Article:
Executive Officer Biographies

        Set forth below are descriptions of the backgrounds of each of our executive officers, other than Messrs. Walker and Smith, whose backgrounds and positions are described above (See "Board of Directors and Corporate Governance—Nominees for Election for a One-Year Term Expiring at the 2013 Annual Meeting of Stockholders").

        Deborah A. Wilson serves as our Executive Vice President, Chief Financial Officer and Treasurer. Ms. Wilson has served as the senior vice president and chief financial officer of Walker & Dunlop, LLC or its predecessors since July 2008. As Executive Vice President, Chief Financial Officer and Treasurer, Ms. Wilson is responsible for financial reporting, budgeting and accounting, servicing, loan sales, closing and delivery, and, together with the other members of our senior management team, the overall strategic financial direction of our Company. Ms. Wilson also has served as a member of the board of managers of Walker & Dunlop, LLC since December 2011. Prior to joining Walker & Dunlop, she served as vice president of counterparty risk at Fannie Mae from 2000 to 2008. From 1983 to 1989, she was a member of the financial services audit practice at KPMG LLP and she was a member of KPMG LLP's consulting practice from 1991 to 1999, where her last position was as a partner in the national mortgage banking and real estate consulting practice. At KPMG LLP, she focused on valuation, mergers and acquisitions, and productivity and profitability of commercial/multifamily mortgage banking companies. Ms. Wilson received her Bachelor of Arts in Accounting from Texas A&M University.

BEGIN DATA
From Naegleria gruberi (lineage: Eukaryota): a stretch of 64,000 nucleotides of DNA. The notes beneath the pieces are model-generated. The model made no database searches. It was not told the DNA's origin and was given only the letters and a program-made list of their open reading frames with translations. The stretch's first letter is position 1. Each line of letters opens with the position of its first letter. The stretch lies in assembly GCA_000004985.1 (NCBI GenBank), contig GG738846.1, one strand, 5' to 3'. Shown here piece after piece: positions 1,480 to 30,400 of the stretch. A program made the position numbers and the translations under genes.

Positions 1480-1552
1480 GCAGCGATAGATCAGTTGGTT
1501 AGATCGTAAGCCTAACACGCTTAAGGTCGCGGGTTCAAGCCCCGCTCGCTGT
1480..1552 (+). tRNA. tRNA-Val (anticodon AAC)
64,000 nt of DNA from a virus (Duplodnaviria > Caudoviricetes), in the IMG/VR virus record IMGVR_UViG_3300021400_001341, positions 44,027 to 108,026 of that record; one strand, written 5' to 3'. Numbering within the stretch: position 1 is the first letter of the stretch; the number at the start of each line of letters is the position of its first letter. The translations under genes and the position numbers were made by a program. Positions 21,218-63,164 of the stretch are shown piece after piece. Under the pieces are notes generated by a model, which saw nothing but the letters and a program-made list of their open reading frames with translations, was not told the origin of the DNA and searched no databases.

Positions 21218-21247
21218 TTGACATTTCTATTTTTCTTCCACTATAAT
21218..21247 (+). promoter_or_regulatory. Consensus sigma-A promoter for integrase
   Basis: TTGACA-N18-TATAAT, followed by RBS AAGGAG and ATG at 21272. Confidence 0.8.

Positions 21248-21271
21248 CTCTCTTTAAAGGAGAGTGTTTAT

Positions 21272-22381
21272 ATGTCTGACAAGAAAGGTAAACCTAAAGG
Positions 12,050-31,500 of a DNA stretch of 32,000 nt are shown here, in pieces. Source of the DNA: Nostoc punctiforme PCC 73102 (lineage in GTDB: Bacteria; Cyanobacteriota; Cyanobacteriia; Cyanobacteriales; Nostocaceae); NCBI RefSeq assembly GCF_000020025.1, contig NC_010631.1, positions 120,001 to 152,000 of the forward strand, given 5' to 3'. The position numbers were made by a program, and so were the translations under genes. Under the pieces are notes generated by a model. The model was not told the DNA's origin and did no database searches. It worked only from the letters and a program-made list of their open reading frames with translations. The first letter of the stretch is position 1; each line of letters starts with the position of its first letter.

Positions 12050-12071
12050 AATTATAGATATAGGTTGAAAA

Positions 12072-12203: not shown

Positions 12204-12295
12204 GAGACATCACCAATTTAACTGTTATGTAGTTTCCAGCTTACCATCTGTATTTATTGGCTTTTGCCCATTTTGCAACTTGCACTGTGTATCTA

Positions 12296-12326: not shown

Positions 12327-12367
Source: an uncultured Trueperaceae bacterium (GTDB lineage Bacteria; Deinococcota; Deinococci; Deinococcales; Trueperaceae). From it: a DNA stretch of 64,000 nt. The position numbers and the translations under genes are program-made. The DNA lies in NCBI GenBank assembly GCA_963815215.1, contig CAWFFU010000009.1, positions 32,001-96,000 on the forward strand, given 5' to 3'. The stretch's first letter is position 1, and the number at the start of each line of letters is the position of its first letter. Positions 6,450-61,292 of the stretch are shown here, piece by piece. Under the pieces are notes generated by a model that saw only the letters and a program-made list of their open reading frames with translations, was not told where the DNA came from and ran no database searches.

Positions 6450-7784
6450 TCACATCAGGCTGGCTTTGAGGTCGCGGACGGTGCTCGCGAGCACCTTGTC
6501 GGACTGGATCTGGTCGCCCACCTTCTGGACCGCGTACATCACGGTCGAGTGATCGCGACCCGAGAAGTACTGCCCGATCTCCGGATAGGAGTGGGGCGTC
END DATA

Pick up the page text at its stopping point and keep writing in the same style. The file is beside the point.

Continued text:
Richard C. Warner serves as our Executive Vice President and Chief Credit Officer. Mr. Warner has served as a senior vice president and chief underwriter of Walker & Dunlop, LLC or its predecessors since September 2002. As Executive Vice President and Chief Credit Officer, Mr. Warner is responsible for our portfolio management department, which includes day-to-day management of our Asset Management and Underwriting groups. Mr. Warner also has served as a member of the board of managers of Walker & Dunlop, LLC since December 2011. Prior to joining Walker & Dunlop, Mr. Warner held a number of leadership positions with Main America Capital and its successors, a company that originated commercial and multifamily loans nationwide. From 1994 to 1998, Mr. Warner was the president of Main America Capital; from 1998 to 2000, he was vice president of originations for RFC Commercial; and from 2000 to 2002, he was vice president and branch manager for GMAC Commercial Mortgage. In 1978, Mr. Warner started his career with Canada's Confederation Life Insurance Company, where he held a number of successive positions, ending as mortgage and real estate vice president in 1994. While with Confederation Life Insurance Company, Mr. Warner was a member of the Green Park Financial Board and Loan Committee from 1989 to 1994. Mr. Warner received his Bachelor of Arts in Urban Studies from McGill University.

        Richard M. Lucas serves as our Executive Vice President, General Counsel and Secretary. Mr. Lucas was a member of our Board from July to October 2010, when he joined the Company as